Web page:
Concentrating on valetudinarians who were suffering from newly fashionable ‘nervous disorders’, Graham's treatments included so-called aethereal and balsamic medicines, milk baths, dry friction, and a technique of placing patients either on a 'magnetic throne' or in a bath through which electrical currents were passed. Although he was attacked as a quack, his cures won accolades. In the winter of 1778–9 he visited Newcastle to superintend the construction of some glasswork he required for his next venture in London. In the summer of 1779 he met Franklin in Paris, and visited Aix-la-Chapelle, where he claimed he received testimonials from many well-born patients, including Georgiana, duchess of Devonshire. That autumn he settled in what he designated his Templum Aesculapium Sacrum, which was housed in the Adelphi Buildings, on the riverside by the Strand; from there he advertised his wonderful nostrums and cures, including earth-bathing. A succession of self-promoting pamphlets, including Sketch of the Plan, &c. of the Temple of Health! (1780), described his house and apparatus, boasting they had cost him at least £10,000. A Sketch or Short Description of Dr Graham's Medical Apparatus (1780) explained how the temple was decked out with elaborate electrical machines, jars, conductors, and an 'electrical throne' insulated on glass pillars, together with chemical and therapeutic apparatus. Statues, paintings, stained glass windows, music, perfumes, and gigantic ‘footmen’ were among the attractions in this multimedia spectacle. In the 'great Apollo apartment' he displayed his apparatus, conducted consultations, sold his medicines, and delivered health advice, including his 'Lecture on the generation, increase and improvement of the human species', published in 1780. This kept him in the public eye for the next decade, as he explained the secrets of a happy sex life—productive of healthy living for individuals and the repopulation and rejuvenation of the nation at large. To illustrate his performance he may have displayed barely draped young models as Hebe Vestina, or goddesses of health, including, according to subsequent legend, Emma Lyon, later to become Lady Hamilton.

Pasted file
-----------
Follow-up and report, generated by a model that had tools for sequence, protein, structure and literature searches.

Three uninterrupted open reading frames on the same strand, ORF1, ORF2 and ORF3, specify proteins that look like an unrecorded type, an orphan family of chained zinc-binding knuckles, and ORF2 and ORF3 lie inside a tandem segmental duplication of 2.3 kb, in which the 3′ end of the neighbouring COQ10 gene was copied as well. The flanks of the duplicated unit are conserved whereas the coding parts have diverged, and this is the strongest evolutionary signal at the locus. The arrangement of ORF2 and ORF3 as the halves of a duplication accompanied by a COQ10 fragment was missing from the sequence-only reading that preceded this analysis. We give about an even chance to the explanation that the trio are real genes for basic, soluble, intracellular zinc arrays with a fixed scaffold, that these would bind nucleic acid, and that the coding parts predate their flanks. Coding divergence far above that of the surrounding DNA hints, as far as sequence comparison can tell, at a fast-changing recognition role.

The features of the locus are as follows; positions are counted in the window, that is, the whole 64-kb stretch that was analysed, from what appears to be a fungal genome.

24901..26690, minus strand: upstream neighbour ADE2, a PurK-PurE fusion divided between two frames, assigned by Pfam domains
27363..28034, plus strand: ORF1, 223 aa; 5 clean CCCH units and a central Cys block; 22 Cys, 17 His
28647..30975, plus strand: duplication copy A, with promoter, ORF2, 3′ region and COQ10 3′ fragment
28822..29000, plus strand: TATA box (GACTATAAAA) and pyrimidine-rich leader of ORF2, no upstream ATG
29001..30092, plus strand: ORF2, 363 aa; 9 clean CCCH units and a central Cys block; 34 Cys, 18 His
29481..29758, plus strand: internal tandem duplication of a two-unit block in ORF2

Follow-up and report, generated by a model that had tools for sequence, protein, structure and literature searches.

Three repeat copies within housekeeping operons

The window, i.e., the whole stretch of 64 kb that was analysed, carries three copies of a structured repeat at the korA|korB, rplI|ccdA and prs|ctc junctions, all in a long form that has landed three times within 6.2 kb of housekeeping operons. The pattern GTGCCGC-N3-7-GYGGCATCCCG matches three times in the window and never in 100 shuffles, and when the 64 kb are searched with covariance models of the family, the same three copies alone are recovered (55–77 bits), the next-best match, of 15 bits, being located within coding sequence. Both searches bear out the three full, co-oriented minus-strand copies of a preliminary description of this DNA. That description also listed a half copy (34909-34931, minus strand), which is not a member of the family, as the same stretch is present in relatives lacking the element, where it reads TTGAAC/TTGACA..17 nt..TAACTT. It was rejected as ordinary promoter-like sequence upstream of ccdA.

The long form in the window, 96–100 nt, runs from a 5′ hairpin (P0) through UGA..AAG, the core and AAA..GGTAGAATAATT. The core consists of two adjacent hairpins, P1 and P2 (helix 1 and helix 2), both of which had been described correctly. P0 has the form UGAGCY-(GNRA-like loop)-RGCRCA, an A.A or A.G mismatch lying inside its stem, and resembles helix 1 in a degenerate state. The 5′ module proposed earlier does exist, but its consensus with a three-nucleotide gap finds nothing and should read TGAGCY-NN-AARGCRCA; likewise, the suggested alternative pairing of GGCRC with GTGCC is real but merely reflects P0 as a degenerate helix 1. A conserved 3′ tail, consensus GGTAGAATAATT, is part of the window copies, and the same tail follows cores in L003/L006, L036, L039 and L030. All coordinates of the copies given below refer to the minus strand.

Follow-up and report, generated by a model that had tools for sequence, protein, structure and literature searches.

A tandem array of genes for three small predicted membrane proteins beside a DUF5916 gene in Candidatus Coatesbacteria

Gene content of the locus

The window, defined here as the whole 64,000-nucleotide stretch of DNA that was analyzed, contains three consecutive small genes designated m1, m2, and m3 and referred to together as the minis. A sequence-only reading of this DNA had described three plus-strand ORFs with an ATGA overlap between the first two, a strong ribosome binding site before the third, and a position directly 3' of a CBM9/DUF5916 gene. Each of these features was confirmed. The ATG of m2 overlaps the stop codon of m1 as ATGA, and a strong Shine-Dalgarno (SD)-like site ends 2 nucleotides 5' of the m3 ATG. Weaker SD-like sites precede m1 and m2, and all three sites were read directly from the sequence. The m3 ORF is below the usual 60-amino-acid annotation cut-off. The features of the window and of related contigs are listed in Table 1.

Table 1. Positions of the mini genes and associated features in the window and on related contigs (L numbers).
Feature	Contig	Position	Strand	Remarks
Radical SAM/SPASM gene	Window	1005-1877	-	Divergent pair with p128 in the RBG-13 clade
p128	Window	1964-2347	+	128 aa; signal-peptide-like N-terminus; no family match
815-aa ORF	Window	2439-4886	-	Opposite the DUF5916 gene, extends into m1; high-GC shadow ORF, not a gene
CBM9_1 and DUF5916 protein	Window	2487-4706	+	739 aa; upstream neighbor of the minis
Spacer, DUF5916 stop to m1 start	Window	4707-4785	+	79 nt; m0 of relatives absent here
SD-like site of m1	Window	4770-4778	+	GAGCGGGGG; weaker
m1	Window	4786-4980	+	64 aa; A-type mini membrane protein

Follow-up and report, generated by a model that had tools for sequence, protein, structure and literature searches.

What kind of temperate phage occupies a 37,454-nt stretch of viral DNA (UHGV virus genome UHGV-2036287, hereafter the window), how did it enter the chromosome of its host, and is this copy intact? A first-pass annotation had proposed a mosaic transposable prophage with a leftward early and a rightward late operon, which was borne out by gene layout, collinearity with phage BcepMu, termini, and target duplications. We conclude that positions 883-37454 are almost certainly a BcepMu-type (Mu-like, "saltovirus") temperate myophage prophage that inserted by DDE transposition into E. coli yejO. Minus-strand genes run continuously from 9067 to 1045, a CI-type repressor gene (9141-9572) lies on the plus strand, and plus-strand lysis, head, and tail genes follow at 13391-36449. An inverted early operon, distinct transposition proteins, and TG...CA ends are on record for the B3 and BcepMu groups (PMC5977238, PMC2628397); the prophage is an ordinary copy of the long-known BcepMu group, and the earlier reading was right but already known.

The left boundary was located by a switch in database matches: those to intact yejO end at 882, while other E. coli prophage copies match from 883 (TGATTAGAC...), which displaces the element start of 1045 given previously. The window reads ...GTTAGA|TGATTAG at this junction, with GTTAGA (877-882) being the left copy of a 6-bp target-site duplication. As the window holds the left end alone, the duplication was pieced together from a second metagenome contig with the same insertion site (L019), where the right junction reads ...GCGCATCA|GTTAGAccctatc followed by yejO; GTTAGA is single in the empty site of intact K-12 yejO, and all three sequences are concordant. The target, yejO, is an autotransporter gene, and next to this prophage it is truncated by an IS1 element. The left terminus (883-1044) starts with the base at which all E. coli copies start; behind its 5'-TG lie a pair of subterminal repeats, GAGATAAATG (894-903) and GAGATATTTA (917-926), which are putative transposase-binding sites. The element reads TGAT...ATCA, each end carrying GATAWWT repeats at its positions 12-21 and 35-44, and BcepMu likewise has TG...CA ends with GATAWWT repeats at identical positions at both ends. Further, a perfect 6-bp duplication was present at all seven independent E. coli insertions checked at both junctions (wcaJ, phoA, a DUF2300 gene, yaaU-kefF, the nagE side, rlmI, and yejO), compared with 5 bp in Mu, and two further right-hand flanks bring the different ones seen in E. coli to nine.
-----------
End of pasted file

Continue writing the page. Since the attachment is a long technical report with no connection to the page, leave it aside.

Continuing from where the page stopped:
Graham also promised relief from impotence and sterility to those who hired his 'celestial bed', which was 12 feet long by 9 feet wide and 'supported by forty pillars of brilliant glass of the most exquisite workmanship'; it was also engraved with the legend, 'Be fruitful, multiply and replenish the earth', and linked up to 15 cwt of magnets and electrical machines. Apparently he charged £50 a night for the privilege of slipping between the sheets. The temple attracted large audiences, the ladies going 'incog', according to Henry Angelo. Sightseers included Horace Walpole, who remarked on 23 August 1780 that Graham's was 'the most impudent puppet-show of imposition I ever saw, and the mountebank himself the dullest of his profession, except that he makes the spectators pay a crown apiece' (H. Walpole, Correspondence, ed. W. S. Lewis, 33, 1965, 217). Graham became a celebrity, and on 2 September 1780 George Colman the elder produced at the Haymarket Theatre an extravaganza, The Genius of Nonsense, in which John Bannister appeared as Emperor of the Quacks, mimicking Graham's absurdities. The farce had received twenty-two performances by July 1781. Various squibs and burlesques satirizing Graham were also published, notably Il convito amoroso, assumed to be by Graham himself.